• The Explore the Bible lesson for July 16 focuses on Psalm 19:1-14.
Growing up on the South Plains of West Texas, I often found myself marveling at all creation. Our tiny town, Brownfield, had few native trees and was built on ground as flat as a tabletop. You could see for miles and, with very little artificial light, the stars at night were simply stunning.
God reveals himself through his handiwork
I fully resonate with the words of David: “The heavens are telling the glory of God.” It’s worthy of note that David uses the present tense verb, “telling.” God’s revelation of Himself to humanity is not a past tense event. Every night, when the stars and the moon appear, we can trust God still is revealing himself. “The firmament (the sky that is the earth’s life-giving canopy” proclaims his handiwork. Day to day pours forth speech” (vv. 1-2).
The Apostle Paul echoed this thought. “Ever since the creation of the world his eternal power and divine nature, invisible though they are, have been understood and seen through the things (God) has made” (Romans 1:20). Of course, from that point on, Paul begins laying the groundwork for man’s moral and spiritual response to the unseen God. There is no place on earth where God has not made his presence known.
We are accountable for how we respond
Mankind is responsible for whether or not he listens to the voice of God that is uniquely heard through God’s creation. The Psalmist does, as well.
The unknown author of Hebrews certainly was familiar with this cornerstone of faith. “Long ago God spoke to our ancestors in many and various ways by the prophets, but in these last days he has spoken to us by a Son, whom he appointed heir of all things, through whom he also created the worlds. He is the reflection of God’s glory and the exact imprint of God’s very being …” (Hebrews 1:1-3).
We will not be held accountable for how much of God we don’t know. All that we know of God put together is so very little. We trust more than we know. However, we will be held accountable for how we respond to what has made known of himself to us. No one who ever lived will be able to claim ignorance as an excuse before Holy God. Every place on the planet is, by its very nature, an expression of the living God.
Some years ago, I was driving to Austin. I’d been on the road about three hours and was eager to get there. Suddenly, I saw the flashing lights of a police car in my rearview mirror. I didn’t think I was speeding. However, what I didn’t know until the policeman told me was that I had driven through a school zone way above the posted speed.
I tried explaining I hadn’t seen the sign warning of a reduced speed in the zone. He still wrote me an expensive citation. I learned a valuable lesson that day. The signs of God are everywhere, in good times and bad, in health and sickness, in wealth and poverty. It is our job to look for them and seek their meaning for our lives. The late British theologian and philosopher Malcolm Muggeridge once wrote, “Every happening, great and small, is a parable whereby God speaks to us, and the art of life is to get the message.”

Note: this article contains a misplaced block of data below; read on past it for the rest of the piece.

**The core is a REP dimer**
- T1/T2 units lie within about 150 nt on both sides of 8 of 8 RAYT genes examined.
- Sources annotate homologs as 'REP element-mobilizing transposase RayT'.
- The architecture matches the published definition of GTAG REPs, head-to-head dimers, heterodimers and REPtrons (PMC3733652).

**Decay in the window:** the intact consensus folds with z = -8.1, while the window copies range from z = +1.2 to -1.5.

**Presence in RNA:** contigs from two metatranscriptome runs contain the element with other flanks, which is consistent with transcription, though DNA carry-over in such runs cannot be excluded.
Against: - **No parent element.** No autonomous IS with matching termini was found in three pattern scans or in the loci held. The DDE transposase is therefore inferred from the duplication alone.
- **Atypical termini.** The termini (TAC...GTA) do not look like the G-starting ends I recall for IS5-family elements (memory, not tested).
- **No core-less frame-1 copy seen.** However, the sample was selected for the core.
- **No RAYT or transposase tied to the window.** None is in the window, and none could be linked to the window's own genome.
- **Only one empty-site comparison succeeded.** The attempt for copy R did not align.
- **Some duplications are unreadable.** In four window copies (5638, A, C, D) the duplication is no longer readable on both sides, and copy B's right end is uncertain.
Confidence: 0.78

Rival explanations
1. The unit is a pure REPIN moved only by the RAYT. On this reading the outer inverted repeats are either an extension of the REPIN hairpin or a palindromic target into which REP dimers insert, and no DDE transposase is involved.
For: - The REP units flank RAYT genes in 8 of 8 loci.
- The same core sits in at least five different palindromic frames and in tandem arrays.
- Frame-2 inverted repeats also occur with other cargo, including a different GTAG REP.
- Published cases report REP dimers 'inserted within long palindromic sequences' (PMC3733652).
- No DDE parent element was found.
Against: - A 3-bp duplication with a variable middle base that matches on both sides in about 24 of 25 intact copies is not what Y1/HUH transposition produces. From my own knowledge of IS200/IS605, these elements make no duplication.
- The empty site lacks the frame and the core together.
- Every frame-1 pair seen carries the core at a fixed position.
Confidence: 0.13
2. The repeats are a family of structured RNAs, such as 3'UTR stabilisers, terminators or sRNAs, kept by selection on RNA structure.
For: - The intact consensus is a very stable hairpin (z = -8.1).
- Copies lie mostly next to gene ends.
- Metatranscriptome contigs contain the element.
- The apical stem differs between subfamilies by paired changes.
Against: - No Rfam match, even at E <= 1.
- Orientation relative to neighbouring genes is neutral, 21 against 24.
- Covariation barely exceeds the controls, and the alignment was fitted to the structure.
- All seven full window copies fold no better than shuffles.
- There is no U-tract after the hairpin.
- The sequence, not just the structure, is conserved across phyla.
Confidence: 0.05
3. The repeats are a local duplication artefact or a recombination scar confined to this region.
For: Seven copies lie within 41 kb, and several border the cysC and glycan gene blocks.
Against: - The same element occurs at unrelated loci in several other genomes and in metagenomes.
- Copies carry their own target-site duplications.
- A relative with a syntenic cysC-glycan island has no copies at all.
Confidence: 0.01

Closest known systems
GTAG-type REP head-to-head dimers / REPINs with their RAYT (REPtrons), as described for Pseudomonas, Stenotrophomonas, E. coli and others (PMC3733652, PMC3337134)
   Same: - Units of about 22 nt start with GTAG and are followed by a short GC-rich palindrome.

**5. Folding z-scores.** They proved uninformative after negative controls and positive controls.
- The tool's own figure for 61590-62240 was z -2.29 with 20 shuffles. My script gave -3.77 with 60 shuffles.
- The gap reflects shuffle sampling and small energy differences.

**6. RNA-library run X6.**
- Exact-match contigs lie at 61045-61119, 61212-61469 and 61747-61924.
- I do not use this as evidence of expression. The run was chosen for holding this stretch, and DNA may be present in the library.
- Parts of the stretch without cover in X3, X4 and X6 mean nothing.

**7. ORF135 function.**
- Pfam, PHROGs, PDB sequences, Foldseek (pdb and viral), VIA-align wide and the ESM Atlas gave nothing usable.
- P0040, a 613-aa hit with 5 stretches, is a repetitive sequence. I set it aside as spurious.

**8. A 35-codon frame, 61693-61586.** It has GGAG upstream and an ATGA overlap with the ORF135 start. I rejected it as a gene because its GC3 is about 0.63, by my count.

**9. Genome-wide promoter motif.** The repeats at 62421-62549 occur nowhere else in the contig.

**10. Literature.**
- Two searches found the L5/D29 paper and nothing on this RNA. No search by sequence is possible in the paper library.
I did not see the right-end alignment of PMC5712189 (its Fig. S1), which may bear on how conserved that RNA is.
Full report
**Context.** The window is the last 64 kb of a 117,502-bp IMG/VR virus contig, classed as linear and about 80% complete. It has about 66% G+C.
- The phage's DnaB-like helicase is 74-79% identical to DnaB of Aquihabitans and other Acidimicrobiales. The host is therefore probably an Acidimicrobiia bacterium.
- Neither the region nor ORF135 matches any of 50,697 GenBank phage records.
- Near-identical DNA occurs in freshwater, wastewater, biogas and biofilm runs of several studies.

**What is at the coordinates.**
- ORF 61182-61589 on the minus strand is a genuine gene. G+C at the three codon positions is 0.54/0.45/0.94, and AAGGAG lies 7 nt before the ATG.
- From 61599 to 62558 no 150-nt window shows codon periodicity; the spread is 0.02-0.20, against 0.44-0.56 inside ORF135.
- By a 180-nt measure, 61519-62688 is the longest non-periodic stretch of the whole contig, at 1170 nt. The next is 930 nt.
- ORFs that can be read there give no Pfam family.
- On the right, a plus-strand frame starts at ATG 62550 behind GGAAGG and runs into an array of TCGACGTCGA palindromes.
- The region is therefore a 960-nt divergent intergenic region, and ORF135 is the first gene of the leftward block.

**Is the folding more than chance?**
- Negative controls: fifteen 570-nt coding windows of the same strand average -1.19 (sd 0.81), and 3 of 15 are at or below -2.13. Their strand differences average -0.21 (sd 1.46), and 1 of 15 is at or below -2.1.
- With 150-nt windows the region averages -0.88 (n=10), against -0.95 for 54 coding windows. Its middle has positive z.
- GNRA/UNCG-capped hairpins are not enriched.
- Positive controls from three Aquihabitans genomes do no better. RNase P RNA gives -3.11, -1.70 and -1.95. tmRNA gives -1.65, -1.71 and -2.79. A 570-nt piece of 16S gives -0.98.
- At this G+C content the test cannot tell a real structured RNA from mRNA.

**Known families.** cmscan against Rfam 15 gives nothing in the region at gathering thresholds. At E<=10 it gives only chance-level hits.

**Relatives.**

Have open hearts
The choice not to respond in faith to God is not an intellectual problem first. First, it is a moral problem, the symptom of a closed heart. That’s why it is virtually impossible to argue someone into believing in God. Only unconditional love makes the same imprint on others Christ has imprinted on us, the very nature of God.
That’s why it is equally important that we take good care of that place in our being where all our decisions are made and all our actions are given birth. “Let the words of my mouth and the meditation of my heart be acceptable to you, O Lord, my rock and my redeemer” (v. 14).
There have times in my life when I doubted God, especially when facing horrific injustice and unanswered evil. It is in times like those I find that simply taking a walk or a long drive in silence can restore my faith. Everything I see may not answer all my questions, but it does lead me back to faith in the presence of all existence.
It may be that faith is harder for us than for our ancestors, even before there was a published Bible. We spend so much time inside, getting most of our information through television or social media, not enough from the world God created.
Words written by Swedish poet Carl Gustav Boberg bear witness of the experience of being out in nature and there discovering the presence of the God of all creation, thereby restoring one’s soul.
“O Lord my God, when I in awesome wonder,
Consider all the worlds Thy hands have made;
I see the stars, I hear the rolling thunder,
Thy power throughout the universe displayed.
When through the woods, and forest glades I wander,
And hear the birds sing sweetly in the trees.
When I look down, from lofty mountain grandeur,
And hear the brook, and feel the gentle breeze.”
(Boberg, “How Great Thou Art,” 1885)
Glen Schmucker is a hospice chaplain in Fort Worth.